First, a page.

Organized by categories including enzymes, structural proteins, calcium-binding proteins, lipid bilayers, integral membrane proteins, myristoylated proteins, DNA, RNA, virus capsids, toxins, carbohydrates, magnificent molecular machines, unusual tertiary/quaternary structures, etc.

Molecular Exploration Tools

FirstGlance in Jmol ( or google FirstGlance (as one word, no space).

Presentation-ready animations can can be saved from FirstGlance. Here are Examples.

FirstGlance in Jmol ( gives you a guided tour of your molecule, simply by following menus and buttons, without learning any commands, and with nothing to install. It works immediately with all popular browsers and computer types including recent iPads and smart phones. It offers extensive help and examples, while minimizing the use of technical terms.

Molecules: You can specify the Protein Data Bank's 4-character code of an experimentally-determined structure (how to find it), upload a model predicted by AlphaFold, or upload your own model.

FirstGlance in Jmol offers numerous one-click preset views with adjacent color keys, makes it easy to hide portions of the molecule, find residues by sequence or name, show all protein disulfide bonds, salt bridges and cation-pi orbital interactions. Its Contacts.. dialog shows non-covalent bonds to any target moiety that you select by clicking, dividing them into seven categories that you can hide or display with checkboxes.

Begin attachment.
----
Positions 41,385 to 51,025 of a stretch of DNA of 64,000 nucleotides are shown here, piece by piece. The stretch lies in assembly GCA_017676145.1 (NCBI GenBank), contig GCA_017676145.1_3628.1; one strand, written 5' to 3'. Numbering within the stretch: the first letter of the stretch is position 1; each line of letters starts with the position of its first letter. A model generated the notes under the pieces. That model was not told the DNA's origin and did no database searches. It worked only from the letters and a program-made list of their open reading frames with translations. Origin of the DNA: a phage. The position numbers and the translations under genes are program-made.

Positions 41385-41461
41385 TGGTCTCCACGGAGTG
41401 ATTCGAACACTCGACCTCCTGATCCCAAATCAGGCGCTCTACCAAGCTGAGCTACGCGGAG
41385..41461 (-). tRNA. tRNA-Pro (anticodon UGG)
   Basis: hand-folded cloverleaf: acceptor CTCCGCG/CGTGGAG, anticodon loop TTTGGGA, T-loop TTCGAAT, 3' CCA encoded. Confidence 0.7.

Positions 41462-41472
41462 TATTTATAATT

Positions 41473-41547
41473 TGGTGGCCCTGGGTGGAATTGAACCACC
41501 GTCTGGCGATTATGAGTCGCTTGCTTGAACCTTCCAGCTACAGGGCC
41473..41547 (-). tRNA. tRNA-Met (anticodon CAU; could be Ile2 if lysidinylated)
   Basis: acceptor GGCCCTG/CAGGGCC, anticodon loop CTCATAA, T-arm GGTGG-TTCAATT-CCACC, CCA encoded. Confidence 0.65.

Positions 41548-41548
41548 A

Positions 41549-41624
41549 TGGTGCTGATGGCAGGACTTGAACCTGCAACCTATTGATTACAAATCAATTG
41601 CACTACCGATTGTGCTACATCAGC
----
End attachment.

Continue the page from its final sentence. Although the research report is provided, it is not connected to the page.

ConSurf output: Conservation of the catalytic pocket of enolase (4enl), an enzyme in glycolysis.

ConSurf Server (

See evolutionary conservation! Introduction to Evolutionary Conservation.

ConSurf makes it easy for you to identify functional regions of proteins. Each amino acid is colored by evolutionary conservation, thereby revealing conserved or highly variable patches. Results may be displayed in FirstGlance in Jmol or other viewers.

Given a 3D model or PDB code this user-friendly tool finds related protein sequences, performs multiple sequence alignments, constructs a phylogenetic tree, and assigns a conservation level to each amino acid, all automatically!

Optionally, you can select the sequences and upload your own multiple sequence alignment, which will be used by ConSurf's state-of-the-art algorithms, all of which are published in peer-reviewed journals.

Fantastic Teaching Props

Toobers in Science Education: Model Your Favorite Polymer

Toobers are inexpensive, easy to bend, foam-covered rods that hold the shapes you give them, over and over again!

They are very useful in illustrating macromolecular structure concepts. Great for all levels of science from K-12 to undergraduate. We feature several examples and also short movies to illustrate their use.

Physical Models of Molecules